- The new attack can steal passwords, keys and more.
- SpectreRSB can also impact Intel’s SXG.
Security researchers have uncovered a new Spectre-class CPU side-channel attack called SpectreRSB. The attack, like other Spectre-class attacks, also takes advantage of the speculative execution feature found in all modern CPUs. Speculation execution is a performance-enhancing feature.
According to researchers at the University of California, Riverside (UCR), who detailed the new attack in a white paper, SpectreRSB has one major difference from previous Spectre-class attacks. Unlike previous attacks, SpectreRSB attacks a different speculative component of the CPU - the Return Stack Buffer (RSB).
Why target the RSB?
The new Spectre attack comes just two weeks after researchers Vladimir Kiriansky and Carl Waldspurger uncovered two variants of the Spectre vulnerability dubbed Spectre 1.1 and Spectre 1.2.
The RSB is part of the speculation execution routine used to predict the return addresses of an operation. According to UCR researchers, SpectreRSB is capable of polluting the RSB code to control the return address and, in turn, poison a targeted CPU’s speculative execution routine.
In essence, SpectreRSB does the same thing that previous Spectre attacks accomplished. The attack is capable of stealing various sensitive information such as passwords, keys and more from the CPU’s memory, which it ideally shouldn’t be able to affect.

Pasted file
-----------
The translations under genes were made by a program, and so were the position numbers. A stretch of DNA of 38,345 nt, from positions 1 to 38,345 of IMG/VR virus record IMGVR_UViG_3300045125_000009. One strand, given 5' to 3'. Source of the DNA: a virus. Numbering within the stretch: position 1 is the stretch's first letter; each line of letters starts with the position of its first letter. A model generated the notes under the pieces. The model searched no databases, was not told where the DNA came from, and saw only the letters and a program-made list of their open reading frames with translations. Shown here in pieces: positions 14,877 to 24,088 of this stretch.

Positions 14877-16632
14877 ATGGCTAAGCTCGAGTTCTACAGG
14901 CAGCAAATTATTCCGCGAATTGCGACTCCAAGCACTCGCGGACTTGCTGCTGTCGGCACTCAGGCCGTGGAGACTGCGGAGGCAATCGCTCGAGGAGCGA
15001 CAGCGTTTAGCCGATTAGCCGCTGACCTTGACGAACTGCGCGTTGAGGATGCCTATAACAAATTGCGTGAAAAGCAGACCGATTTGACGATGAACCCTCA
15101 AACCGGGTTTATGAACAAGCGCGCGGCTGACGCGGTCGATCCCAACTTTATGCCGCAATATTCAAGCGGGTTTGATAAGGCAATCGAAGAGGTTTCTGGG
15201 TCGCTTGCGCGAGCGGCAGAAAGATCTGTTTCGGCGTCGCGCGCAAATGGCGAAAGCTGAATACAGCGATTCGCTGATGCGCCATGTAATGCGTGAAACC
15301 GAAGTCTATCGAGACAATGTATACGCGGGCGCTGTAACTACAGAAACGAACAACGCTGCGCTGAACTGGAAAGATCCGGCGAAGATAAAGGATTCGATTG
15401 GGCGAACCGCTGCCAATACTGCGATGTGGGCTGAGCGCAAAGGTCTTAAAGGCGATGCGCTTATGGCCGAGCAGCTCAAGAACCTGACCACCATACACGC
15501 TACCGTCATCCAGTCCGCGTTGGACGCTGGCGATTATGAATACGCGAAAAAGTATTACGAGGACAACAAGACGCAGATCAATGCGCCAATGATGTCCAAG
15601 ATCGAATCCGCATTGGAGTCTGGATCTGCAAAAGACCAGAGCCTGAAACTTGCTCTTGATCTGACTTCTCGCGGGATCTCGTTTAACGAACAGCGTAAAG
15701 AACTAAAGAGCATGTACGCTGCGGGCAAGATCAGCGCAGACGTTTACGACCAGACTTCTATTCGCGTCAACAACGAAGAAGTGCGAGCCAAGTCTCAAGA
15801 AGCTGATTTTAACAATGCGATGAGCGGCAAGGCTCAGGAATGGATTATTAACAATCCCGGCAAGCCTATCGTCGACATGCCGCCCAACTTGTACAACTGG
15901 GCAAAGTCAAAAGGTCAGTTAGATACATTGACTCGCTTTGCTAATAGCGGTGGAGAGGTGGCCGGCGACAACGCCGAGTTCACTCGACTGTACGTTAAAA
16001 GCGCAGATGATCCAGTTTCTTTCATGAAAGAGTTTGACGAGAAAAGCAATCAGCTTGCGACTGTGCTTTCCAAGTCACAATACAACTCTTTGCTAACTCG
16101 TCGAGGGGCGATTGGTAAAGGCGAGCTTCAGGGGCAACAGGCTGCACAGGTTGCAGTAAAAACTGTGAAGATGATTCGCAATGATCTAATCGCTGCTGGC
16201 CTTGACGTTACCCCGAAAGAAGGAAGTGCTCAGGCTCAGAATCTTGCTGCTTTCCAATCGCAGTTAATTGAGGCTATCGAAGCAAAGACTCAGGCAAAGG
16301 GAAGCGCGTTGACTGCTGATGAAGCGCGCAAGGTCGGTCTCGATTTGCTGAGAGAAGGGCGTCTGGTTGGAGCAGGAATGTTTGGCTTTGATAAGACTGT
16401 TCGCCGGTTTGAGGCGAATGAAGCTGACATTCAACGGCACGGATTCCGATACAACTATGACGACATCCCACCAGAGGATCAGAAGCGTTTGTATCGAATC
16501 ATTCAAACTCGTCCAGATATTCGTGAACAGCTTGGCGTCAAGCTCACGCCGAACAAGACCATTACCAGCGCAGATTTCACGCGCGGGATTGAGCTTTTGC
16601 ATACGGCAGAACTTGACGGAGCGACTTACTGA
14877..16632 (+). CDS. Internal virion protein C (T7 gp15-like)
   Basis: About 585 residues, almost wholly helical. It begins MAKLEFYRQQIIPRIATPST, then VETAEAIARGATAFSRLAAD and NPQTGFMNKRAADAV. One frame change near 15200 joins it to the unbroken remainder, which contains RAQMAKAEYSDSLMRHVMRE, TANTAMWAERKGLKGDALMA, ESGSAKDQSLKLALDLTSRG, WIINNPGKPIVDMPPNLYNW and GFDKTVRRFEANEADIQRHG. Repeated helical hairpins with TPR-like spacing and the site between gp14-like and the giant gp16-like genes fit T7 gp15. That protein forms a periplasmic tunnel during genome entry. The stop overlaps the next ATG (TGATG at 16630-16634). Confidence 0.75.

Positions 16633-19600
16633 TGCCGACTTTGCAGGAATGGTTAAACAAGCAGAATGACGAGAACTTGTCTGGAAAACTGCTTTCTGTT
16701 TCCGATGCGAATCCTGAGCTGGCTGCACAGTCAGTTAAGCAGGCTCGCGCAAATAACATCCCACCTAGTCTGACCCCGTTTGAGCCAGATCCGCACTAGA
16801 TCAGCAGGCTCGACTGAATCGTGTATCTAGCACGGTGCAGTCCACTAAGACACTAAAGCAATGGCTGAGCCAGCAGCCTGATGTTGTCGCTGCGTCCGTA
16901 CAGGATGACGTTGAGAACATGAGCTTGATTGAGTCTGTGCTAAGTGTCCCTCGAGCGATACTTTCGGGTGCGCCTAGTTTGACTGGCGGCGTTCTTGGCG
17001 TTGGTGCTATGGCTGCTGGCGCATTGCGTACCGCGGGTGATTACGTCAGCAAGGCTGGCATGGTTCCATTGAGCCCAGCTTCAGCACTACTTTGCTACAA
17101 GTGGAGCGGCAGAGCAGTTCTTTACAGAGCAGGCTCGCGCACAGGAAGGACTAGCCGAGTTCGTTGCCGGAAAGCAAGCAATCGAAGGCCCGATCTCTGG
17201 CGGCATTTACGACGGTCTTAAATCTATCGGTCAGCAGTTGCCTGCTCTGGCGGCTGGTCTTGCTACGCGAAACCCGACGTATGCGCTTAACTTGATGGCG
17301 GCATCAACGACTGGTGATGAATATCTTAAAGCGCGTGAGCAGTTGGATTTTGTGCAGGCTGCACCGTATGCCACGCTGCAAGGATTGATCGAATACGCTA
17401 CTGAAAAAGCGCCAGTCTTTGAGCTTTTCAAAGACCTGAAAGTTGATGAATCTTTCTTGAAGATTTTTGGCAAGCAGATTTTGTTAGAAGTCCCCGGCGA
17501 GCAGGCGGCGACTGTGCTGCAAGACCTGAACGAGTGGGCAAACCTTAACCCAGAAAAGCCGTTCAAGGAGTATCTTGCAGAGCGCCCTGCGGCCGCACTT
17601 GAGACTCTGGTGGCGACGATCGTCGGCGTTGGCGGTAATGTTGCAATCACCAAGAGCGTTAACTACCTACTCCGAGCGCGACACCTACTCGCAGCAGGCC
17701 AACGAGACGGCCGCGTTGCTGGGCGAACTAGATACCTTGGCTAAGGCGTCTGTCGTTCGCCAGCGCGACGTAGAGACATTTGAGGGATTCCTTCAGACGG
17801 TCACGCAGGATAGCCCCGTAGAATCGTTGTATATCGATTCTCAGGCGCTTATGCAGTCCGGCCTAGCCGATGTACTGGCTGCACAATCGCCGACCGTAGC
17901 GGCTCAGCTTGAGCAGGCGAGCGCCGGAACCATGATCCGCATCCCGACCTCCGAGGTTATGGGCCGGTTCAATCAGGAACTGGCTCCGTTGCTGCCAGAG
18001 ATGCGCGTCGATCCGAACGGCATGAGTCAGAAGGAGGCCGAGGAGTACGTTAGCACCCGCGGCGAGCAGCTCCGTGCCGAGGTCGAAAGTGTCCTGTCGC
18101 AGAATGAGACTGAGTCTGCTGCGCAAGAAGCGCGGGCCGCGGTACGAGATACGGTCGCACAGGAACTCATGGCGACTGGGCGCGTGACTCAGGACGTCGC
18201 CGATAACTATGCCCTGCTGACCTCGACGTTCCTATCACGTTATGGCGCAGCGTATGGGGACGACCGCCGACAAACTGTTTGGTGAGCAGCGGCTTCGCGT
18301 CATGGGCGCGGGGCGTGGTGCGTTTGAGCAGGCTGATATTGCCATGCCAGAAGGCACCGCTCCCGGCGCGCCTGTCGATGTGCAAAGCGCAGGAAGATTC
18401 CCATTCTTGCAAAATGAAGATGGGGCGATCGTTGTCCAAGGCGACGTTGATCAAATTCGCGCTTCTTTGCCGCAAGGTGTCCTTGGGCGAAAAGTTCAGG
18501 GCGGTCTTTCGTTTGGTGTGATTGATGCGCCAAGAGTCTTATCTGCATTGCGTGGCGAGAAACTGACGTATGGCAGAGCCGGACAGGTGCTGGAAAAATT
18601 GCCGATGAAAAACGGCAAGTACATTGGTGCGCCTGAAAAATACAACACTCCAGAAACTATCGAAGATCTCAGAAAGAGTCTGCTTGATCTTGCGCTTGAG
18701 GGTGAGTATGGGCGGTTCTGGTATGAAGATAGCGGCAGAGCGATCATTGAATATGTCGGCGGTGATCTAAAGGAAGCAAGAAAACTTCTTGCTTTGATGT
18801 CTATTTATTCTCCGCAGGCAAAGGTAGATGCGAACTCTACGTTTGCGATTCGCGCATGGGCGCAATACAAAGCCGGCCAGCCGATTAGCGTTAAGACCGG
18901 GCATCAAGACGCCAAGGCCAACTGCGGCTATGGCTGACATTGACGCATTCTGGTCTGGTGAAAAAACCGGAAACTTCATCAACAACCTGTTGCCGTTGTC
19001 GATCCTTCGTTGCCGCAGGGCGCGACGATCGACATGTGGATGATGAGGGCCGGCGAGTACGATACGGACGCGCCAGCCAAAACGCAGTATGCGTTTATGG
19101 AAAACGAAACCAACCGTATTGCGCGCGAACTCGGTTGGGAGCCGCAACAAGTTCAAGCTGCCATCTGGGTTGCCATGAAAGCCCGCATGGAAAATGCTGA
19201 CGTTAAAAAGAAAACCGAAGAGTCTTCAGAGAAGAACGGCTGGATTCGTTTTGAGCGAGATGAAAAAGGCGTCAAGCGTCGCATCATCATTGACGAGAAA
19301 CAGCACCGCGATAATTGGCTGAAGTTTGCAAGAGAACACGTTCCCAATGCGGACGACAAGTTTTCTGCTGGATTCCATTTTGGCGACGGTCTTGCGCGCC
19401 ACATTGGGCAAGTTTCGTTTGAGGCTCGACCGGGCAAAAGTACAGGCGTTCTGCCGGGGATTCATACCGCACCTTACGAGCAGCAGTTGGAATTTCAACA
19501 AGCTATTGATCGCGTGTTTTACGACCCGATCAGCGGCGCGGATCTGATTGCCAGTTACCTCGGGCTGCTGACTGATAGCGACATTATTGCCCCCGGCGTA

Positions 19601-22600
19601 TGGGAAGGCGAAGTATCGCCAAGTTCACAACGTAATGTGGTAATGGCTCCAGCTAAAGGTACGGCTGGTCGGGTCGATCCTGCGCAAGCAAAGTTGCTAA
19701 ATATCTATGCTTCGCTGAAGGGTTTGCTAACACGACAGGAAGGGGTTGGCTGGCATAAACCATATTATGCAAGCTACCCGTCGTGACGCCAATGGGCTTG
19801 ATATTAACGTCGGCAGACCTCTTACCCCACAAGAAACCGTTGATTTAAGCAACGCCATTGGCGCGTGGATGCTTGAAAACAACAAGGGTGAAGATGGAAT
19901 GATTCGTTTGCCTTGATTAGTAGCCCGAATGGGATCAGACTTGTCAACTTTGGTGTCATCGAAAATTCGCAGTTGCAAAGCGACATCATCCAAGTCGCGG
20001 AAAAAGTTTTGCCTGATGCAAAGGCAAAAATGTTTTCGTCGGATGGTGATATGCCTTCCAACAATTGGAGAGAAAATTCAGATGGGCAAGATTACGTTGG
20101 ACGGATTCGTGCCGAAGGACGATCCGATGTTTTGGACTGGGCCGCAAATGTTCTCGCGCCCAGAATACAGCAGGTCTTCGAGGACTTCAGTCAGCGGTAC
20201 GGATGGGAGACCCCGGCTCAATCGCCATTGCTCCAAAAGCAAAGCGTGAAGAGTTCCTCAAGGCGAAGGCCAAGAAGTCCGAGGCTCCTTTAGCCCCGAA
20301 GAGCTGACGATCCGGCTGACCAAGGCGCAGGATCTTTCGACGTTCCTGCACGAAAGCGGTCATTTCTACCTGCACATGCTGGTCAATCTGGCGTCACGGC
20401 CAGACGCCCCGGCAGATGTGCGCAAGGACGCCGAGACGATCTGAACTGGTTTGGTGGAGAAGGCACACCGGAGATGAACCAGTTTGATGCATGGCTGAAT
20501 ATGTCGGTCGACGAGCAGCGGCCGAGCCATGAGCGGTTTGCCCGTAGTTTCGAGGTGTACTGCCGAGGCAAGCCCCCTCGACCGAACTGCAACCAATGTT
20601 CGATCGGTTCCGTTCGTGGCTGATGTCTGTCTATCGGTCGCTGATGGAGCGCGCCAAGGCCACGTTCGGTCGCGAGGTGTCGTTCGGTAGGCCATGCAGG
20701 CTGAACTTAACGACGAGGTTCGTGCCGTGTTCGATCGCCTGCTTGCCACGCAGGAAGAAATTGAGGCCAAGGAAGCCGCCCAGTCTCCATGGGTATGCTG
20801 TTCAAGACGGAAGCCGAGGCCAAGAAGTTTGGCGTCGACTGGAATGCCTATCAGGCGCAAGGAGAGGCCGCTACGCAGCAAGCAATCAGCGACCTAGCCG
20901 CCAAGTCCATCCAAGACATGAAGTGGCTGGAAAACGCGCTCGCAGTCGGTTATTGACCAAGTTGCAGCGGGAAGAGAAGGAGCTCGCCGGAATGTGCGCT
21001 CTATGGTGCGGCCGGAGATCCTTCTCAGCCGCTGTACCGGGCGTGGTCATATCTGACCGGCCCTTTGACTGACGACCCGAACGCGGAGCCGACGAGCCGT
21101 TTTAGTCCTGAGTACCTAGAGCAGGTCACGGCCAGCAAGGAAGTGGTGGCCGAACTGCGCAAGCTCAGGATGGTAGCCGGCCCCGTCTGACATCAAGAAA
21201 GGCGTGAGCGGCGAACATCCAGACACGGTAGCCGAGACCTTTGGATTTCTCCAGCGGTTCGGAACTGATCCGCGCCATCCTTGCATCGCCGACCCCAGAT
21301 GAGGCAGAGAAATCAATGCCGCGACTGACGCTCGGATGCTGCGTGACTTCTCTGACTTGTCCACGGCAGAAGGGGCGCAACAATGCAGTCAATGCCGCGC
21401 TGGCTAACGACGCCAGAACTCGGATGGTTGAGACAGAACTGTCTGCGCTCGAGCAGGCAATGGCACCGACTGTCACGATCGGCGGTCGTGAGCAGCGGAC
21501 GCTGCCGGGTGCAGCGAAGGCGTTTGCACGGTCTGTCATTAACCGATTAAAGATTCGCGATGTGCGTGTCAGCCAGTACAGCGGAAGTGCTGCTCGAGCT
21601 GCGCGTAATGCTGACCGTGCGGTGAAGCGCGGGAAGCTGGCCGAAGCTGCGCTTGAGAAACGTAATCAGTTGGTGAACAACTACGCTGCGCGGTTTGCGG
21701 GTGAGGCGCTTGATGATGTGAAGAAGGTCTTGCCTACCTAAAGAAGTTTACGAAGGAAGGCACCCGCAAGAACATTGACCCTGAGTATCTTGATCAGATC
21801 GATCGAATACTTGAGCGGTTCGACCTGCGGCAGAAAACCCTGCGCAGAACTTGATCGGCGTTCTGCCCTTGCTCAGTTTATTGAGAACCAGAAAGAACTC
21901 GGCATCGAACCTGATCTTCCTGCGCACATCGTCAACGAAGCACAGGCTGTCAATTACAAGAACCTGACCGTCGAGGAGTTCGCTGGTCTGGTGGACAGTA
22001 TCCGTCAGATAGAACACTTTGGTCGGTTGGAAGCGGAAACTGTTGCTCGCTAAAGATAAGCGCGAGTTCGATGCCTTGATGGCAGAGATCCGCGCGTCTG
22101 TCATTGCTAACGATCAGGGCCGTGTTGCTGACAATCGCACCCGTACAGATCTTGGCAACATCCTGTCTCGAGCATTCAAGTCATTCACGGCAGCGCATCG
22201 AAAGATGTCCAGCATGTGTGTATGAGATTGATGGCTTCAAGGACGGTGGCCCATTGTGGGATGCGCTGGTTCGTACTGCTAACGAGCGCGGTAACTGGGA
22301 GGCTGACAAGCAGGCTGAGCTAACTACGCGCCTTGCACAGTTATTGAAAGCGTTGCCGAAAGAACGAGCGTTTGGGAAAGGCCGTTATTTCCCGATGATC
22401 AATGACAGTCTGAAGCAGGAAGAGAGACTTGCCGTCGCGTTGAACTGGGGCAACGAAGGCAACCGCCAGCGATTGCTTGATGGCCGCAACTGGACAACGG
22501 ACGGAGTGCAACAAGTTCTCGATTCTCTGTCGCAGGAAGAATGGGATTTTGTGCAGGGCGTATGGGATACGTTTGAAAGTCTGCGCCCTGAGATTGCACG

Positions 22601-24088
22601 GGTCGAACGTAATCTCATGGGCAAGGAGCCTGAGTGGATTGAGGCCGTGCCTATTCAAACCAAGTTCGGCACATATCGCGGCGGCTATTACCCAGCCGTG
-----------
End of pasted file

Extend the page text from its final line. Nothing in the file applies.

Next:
Attack can recover data from Intel SXG
UCR researchers explained that attackers can leverage SpectreRSB in three kinds of attacks to pollute the RSB and gain access to sensitive data. In two of the attacks detailed by the researchers, the RSB is polluted to expose and recover data from other CPU applications.
In the third attack, the RSB is polluted to hamper the speculative process and expose data outside an SXG compartment. Intel SXG (Software Guard eXtensions) are hardware-separated secure exclaves used to process data - one of the highest protections Intel CPUs offer to developers. SpectreRSB also affects this kind of protection which is a major cause for concern.
UCR researchers said they’ve reported the issue to Intel as well as ARM and AMD, both of which may potentially impacted by the attack.
SpectreRSB can bypass patches
One of the most concerning aspects of the SpectreRSB attack is that it is capable of bypassing nearly all of the patches created to mitigate previous Spectre attacks.
“Importantly, none of the known defenses including Retpoline and Intel’s microcode patches stop all SpectreRSB attacks,” UCR researchers said in their white paper. “We believe that future system developers should be aware of this vulnerability and consider it in developing defenses against speculation attacks.”